There was an interesting discussion going on this morning over on Edward Boches blog, Creativity Unbound. (For those of you who don't know him, he's the Chief Creative Officer and Chief Social Media Officer at Mullen, in Boston. And yes, I've invited him to be on The BeanCast Marketing Podcast, so expect to hear from him in the coming months.)
The basic question put out was, "Are we being too agreeable in social media settings?" In mass marketing publications and websites, debate can be quite inflammatory and event downright nasty. But Edward points out that the norm on Twitter or in blog comments seems to be predominantly one of backslapping and "good job!"
Obviously, with a premise like this, even the commenters who agreed tried to be a little disagreeable. None of us wanted to seem like foolish patsies, after all. But two things occurred to me after reading the post and follow up comments.
Social Networks Are Designed for Agreement
While debate does happen among friends, by their very design the social networks are predisposed toward forming circles of like-minded people. Same with personal blogs. It's unlikely you're going to waste time reading the opinions of an individual you don't agree with. So finding spirited disagreement in such circles is simply not the norm. Which raises the question of whether such environments are healthy if not matched to at least some mainstream engagement. As I saidin my comments on Edward's post
"...the debate evolves further as to whether social networks are healthy ecosystems for ideas. We talk about Twitter replacing news sites for many of us, but are we better people if we only hear the news we want to hear, reported in ways we want to hear it?
I’ve always said that social networks are only as good as the people you follow, so I try to engage with people who disagree with me as much as with those who agree with me. But I think you raise a very good point that broader news sites and open forums still very much play an important roll in our social efforts. If we don’t pay attention to the broad audience, how can we draw people to the micro audience?"
Edward's post highlights the fact that relying too heavily on social media for engagement with our audience, creates a vacuum that can be unhealthy if not tempered with broader thinking and engagement.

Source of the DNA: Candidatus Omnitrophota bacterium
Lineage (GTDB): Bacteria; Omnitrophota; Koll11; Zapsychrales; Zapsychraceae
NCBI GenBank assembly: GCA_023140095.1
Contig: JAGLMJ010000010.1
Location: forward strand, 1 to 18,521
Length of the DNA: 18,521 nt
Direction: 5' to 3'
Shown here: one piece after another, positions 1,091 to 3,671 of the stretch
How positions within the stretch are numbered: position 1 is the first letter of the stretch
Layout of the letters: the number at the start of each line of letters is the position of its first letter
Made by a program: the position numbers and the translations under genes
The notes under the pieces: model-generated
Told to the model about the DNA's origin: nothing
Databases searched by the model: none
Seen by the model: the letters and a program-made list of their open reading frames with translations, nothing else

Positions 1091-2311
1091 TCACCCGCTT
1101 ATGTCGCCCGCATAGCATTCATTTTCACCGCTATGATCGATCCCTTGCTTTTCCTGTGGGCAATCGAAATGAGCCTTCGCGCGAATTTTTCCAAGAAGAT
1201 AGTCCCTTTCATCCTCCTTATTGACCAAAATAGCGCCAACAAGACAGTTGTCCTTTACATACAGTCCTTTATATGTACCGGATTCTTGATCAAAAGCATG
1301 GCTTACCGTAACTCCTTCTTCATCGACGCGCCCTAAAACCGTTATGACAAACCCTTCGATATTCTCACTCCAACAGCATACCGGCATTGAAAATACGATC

Vanilla Posts Get Vanilla Responses
For me, though, the more important take-away from this discussion is an understanding that I can't blame my audience for agreeing with me, if I'm not challenging them in the first place.
Let's be honest: If we're among friends, we tend to fall into certain patterns. We feel comfortable around like-minded people, so we share thinking that fits the venue. We're also driven by pleasing our audience to keep them following us or reading our blog posts. So how can we blame our audience for being too agreeable if we're not pushing their comfort zone and making them consider new ways of thinking? Again turning to my comments on Edward's post:
"I think...this also highlights the often shirked responsibility held by bloggers/posters/whatever. I hear a lot about keywords and SEO and posting content that drives traffic. But it’s the rare blogger who challenges their own thinking, explores ideas that may be counter to the thinking of their audience and occasionally admits that they were wrong. The quality of the content is what drives the debate. We can’t blame the audience for agreeing with us when we’re posting “vanilla” ideas."
To truly get the most value we can from social media tools, we need to be part of a conversation. But too many of us confuse conversation with push messaging, followed by audience feedback. We have to remember that conversation doesn't always begin and end with us. Sometimes it needs to be sought out. And sometimes it means saying things that will spark debate.Dangerous stuff! But then, if we're not willing to risk a little danger in the social scene, why are we even bothering in the first place? Because in the end if we're not engaging in real, two-way conversation, it's just the same old push strategy in a new venue.
Thanks again to Edward Boches for sparking this particular conversation. You can follow him on Twitter by clicking here.